"Yes; everything. Why, the very trees don't look the same as they used to look, and the view isn't a bit what it used to be when she was here. All the ordinary things seem queer and altered, just as they do when you see them in a dream."

"Poor little girl!"

"And now it doesn't seem worth while for anything to look pretty. I used to love the sunsets, but now I hate them. What is the good of their being so beautiful and filling the sky with red and gold, if she isn't here to see them? And what is the good of trying to be good and clever if she isn't here to be pleased with me? Oh dear! oh dear! Nothing will ever be any good any more."

Christopher laid an awkward hand upon Elisabeth's dark hair, and began stroking it the wrong way. "I say, I wish you wouldn't fret so; it's more than I can stand to see you so wretched. Isn't there anything that I can do to make it up to you, somehow?"

"No; nothing. Nothing will ever comfort me any more; and how could a great, stupid boy like you make up to me for having lost her?" moaned poor little Elisabeth, with the selfishness of absorbing grief.

"Well, anyway, I am as fond of you as she was, for nobody could be fonder of anybody than I am of you."

"That doesn't help. I don't miss her so because she loved me, but because I loved her; and I shall never, never love any one else as much as long as I live."

"Oh yes, you will, I expect," replied Christopher, who even then knew Elisabeth better than she knew herself.

"No—I shan't; and I should hate myself if I did."

Elisabeth fretted so terribly after her Cousin Anne that she grew paler and thinner than ever; and Miss Farringdon was afraid that the girl would make herself really ill, in spite of her wiry constitution. After much consultation with many friends, she decided to send Elisabeth to school, for it was plain that she was losing her vitality through lack of an interest in life; and school—whatever it may or may not supply—invariably affords an unfailing amount of new interests. So Elisabeth went to Fox How—a well-known girls' school not a hundred miles from London—so called in memory of Dr. Arnold, according to whose principles the school was founded and carried on.

It would be futile to attempt to relate the history of Elisabeth Farringdon without telling in some measure what her school-days did for her; and it would be equally futile to endeavour to convey to the uninitiated any idea of what that particular school meant—and still means—to all its daughters.

When Elisabeth had left her girlhood far behind her, the mere mention of the name, Fox How, never failed to send thrills all through her, as God save the Queen, and Home, sweet Home have a knack of doing; and for any one to have ever been a pupil at Fox How, was always a sure and certain passport to Elisabeth's interest and friendliness. The school was an old, square, white house, standing in a walled garden; and those walls enclosed all the multifarious interests and pleasures and loves and rivalries and heart-searchings and soul-awakenings which go to make up the feminine life from twelve to eighteen, and which are very much the same in their essence, if not in their form, as those which go to make up the feminine life from eighteen to eighty. In addition to these, the walls enclosed two lawns and an archery-ground, a field and a pond overgrown with water-lilies, a high mound covered with grass and trees, and a kitchen-garden filled with all manner of herbs and pleasant fruits—in short, it was a wonderful and extensive garden, such as one sees now and then in some old-fashioned suburb, but which people have neither the time nor the space to lay out nowadays. It also contained a long, straight walk, running its whole length and shaded by impenetrable greenery, where Elisabeth used to walk up and down, pretending that she was a nun; and some delightful swings and see-saws, much patronized by the said Elisabeth, which gave her a similar physical thrill to that produced in later years by the mention of her old school.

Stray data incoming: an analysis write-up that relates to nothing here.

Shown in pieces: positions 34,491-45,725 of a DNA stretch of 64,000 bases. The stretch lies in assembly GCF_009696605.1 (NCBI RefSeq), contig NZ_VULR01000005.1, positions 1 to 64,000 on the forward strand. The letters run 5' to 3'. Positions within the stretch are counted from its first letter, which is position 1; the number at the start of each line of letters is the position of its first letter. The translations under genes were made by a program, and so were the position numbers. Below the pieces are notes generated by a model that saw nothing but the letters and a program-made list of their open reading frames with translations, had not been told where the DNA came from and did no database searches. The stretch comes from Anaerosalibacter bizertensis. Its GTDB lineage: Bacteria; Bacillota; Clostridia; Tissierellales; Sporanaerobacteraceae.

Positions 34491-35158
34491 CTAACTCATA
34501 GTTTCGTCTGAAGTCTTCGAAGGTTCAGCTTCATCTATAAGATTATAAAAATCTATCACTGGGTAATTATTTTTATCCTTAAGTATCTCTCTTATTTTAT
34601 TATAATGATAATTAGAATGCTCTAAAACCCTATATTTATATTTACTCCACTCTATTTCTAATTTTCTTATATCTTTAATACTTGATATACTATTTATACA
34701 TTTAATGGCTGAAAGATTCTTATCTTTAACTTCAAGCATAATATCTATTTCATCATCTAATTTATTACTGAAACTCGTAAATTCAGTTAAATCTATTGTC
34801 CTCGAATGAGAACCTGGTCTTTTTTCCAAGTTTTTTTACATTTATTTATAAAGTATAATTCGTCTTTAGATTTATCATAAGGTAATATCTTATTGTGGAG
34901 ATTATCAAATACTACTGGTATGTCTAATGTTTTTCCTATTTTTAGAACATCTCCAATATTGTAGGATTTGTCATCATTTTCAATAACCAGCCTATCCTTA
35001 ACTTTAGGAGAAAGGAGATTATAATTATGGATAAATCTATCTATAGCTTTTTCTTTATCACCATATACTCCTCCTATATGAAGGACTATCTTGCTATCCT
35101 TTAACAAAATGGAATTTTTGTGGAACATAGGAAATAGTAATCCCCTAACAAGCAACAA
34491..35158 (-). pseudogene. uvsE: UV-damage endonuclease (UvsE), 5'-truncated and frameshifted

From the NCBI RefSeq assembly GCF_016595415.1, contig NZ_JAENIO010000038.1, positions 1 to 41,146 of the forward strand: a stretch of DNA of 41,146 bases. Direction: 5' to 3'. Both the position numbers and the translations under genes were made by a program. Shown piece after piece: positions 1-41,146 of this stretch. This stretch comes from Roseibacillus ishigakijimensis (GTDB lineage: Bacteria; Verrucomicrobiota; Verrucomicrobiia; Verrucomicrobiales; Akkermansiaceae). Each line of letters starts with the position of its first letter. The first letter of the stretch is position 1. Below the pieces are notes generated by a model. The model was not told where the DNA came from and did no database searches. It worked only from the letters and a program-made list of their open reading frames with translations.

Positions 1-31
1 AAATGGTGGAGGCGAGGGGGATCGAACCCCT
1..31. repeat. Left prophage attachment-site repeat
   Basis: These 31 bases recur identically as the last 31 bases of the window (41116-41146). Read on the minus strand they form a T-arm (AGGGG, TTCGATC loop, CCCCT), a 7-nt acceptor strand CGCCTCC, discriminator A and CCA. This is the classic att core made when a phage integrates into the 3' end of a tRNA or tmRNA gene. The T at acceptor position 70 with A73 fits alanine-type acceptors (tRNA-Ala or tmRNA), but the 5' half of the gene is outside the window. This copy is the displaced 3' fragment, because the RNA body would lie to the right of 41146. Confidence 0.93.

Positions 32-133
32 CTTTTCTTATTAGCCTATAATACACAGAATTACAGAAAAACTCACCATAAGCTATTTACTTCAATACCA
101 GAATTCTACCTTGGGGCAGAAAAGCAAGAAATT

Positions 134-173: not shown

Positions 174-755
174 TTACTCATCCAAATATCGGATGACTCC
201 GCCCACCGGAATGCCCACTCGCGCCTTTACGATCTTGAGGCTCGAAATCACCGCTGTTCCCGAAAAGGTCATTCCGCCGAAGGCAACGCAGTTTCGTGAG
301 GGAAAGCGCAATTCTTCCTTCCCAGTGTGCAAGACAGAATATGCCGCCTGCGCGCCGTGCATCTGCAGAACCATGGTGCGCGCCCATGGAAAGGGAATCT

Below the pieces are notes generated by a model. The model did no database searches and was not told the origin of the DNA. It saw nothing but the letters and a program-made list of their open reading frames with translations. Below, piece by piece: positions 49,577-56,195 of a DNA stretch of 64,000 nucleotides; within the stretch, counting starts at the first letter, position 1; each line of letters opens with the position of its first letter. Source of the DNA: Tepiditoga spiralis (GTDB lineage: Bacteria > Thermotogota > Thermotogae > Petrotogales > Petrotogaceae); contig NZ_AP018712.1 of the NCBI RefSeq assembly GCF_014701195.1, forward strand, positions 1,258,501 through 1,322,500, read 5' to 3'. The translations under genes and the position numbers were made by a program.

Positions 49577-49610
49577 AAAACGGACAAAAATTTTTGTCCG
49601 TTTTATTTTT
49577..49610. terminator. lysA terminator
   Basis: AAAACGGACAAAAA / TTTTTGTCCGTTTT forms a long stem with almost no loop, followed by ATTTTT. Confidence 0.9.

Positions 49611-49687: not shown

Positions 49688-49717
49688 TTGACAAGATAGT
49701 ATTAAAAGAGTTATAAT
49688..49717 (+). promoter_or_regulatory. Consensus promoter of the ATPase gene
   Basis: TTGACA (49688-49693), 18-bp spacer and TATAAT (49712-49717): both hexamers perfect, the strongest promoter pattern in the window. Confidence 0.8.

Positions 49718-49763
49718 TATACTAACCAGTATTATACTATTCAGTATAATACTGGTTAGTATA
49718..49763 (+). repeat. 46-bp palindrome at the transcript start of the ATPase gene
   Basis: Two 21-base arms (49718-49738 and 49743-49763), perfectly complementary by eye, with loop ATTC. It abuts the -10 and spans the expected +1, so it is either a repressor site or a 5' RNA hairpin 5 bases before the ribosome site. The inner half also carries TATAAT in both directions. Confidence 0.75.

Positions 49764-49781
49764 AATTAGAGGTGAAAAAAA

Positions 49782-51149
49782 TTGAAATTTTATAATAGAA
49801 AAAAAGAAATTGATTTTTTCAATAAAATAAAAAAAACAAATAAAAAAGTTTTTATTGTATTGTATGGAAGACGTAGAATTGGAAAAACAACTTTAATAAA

The gracious personality which ruled over Fox How in the days of Elisabeth had mastered the rarely acquired fact that the word educate is derived from educo, to draw out, and not (as is generally supposed) from addo, to give to; so the pupils there were trained to train themselves, and learned how to learn—a far better equipment for life and its lessons than any ready-made cloak of superficial knowledge, which covers all individualities and fits none. There was no cramming or forcing at Fox How; the object of the school was not to teach girls how to be scholars, but rather how to be themselves—that is to say, the best selves which they were capable of becoming. High character rather than high scholarship was the end of education there; and good breeding counted for more than correct knowledge. Not that learning was neglected, for Elisabeth and her schoolfellows worked at their books for eight good hours every day; but it did not form the first item on the programme of life.

And who can deny that the system of Fox How was the correct system of education, at any rate, as far as girls are concerned? Unless a woman has to earn her living by teaching, what does it matter to her how much hydrogen there is in a drop of rain-water, or in what year Hannibal crossed the Alps? But it will matter to her infinitely, for the remainder of her mortal existence, whether she is one of those graceful, sympathetic beings, whose pathway is paved by the love of Man and the friendship of Woman; or one of that much-to-be-blamed, if somewhat-to-be-pitied, sisterhood, who are unloved because they are unlovely, and unlovely because they are unloved.